Today’s law graduates enter a world in which little stops at the borders between nations. International trade and tribunals, human rights and intellectual property, business deals and war crimes-there is a pervasive global dimension to the work of lawyers, judges, and legal scholars, and Stanford Law School prepares students to step up to the challenge.
The interests of Stanford Law faculty members reflect the broad scope of the field of international and comparative law. There are faculty experts in international security, international trade, international criminal law, economics and international business, the foreign policymaking process, human rights, intellectual property, and the rule of law, making Stanford Law an intellectual community as diverse and complex as the world its graduates serve.
Whatever the topic—international business transactions, capital markets, banking, terrorism, climate change, trade, human rights, technology, crime, antitrust, refugees, nonprofit and intergovernmental organizations—international and comparative law at Stanford prepares students for the countless roles law and lawyers play in a changing international arena.
Stanford’s programs and centers—both within and beyond the law school—are renowned sources of research and scholarship on issues that affect people around the world. These centers put Stanford Law students in the vanguard of developments in the international arena—learning from leaders and contributing to research that shapes policy worldwide.
Stanford provides international law students with many opportunities to apply their growing legal skills to real-world problems, through clinics, internships, and externships with an international focus.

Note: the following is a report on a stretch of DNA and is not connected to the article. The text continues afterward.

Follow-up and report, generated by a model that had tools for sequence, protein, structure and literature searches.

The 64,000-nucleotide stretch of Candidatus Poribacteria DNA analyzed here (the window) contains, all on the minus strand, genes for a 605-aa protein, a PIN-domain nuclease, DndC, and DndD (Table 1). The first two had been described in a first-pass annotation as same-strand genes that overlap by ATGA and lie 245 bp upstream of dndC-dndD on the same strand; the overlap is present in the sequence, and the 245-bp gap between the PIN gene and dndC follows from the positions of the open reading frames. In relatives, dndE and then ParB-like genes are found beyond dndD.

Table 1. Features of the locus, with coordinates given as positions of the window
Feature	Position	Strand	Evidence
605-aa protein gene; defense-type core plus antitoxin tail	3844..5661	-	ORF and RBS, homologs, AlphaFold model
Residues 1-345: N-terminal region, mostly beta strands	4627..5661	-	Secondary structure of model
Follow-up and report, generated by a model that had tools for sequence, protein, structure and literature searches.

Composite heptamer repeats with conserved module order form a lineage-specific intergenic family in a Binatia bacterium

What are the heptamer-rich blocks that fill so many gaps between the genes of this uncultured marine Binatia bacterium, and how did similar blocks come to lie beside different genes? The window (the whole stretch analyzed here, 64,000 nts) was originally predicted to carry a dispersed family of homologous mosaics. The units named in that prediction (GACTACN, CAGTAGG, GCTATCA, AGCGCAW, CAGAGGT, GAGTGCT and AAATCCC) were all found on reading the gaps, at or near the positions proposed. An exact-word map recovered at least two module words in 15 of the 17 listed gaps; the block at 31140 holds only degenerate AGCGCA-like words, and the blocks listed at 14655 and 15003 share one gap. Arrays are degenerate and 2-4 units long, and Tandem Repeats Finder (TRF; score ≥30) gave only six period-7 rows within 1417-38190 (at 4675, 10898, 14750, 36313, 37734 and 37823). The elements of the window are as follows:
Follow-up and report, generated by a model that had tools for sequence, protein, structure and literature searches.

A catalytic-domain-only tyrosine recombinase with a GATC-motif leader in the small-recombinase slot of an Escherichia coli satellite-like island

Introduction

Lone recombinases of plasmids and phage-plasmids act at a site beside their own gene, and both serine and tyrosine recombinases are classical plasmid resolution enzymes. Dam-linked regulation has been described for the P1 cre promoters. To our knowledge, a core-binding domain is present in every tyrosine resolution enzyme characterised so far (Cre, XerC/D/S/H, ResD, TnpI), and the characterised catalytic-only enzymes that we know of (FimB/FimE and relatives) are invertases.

Because Stanford views the law as a practical force in world events, the international and comparative law program makes a special effort to offer students learning opportunities that take them out of the classroom and into the global arena.
Intensive academics, hands-on experience, and research opportunities are just the beginning of our international law training. At Stanford, students learn by leading—whether they’re organizing a conference of international judges, networking with lawyers from around the world, or editing a journal piece on global economic policies.
Students pursuing international law at Stanford benefit from diverse opportunities to explore the intersection of legal theory and practice and gain career-shaping insight and experience.
Join the Stanford Law team at the annual Philip C. Jessup International Law Moot Court Competition.
Pursue a joint degree in law and Russian Studies or law and East Asian Studies.
Attend a lecture by Colin Powell, former Secretary of State, or Luis Moreno-Ocampo, the chief prosecutor of the International Criminal Court.
Yesterday, only a tiny number of graduates practiced law across national borders. Today, only a tiny number do not. International law has moved from the peripheries to the center, but it’s no longer just about government-to-government interactions. It's about cross-border transactions between private parties. It's about international business and trade, human rights and the rule of law, and, critically, international development. An international program must cover all these fields and integrate them into the regular curriculum, as Stanford Law's does.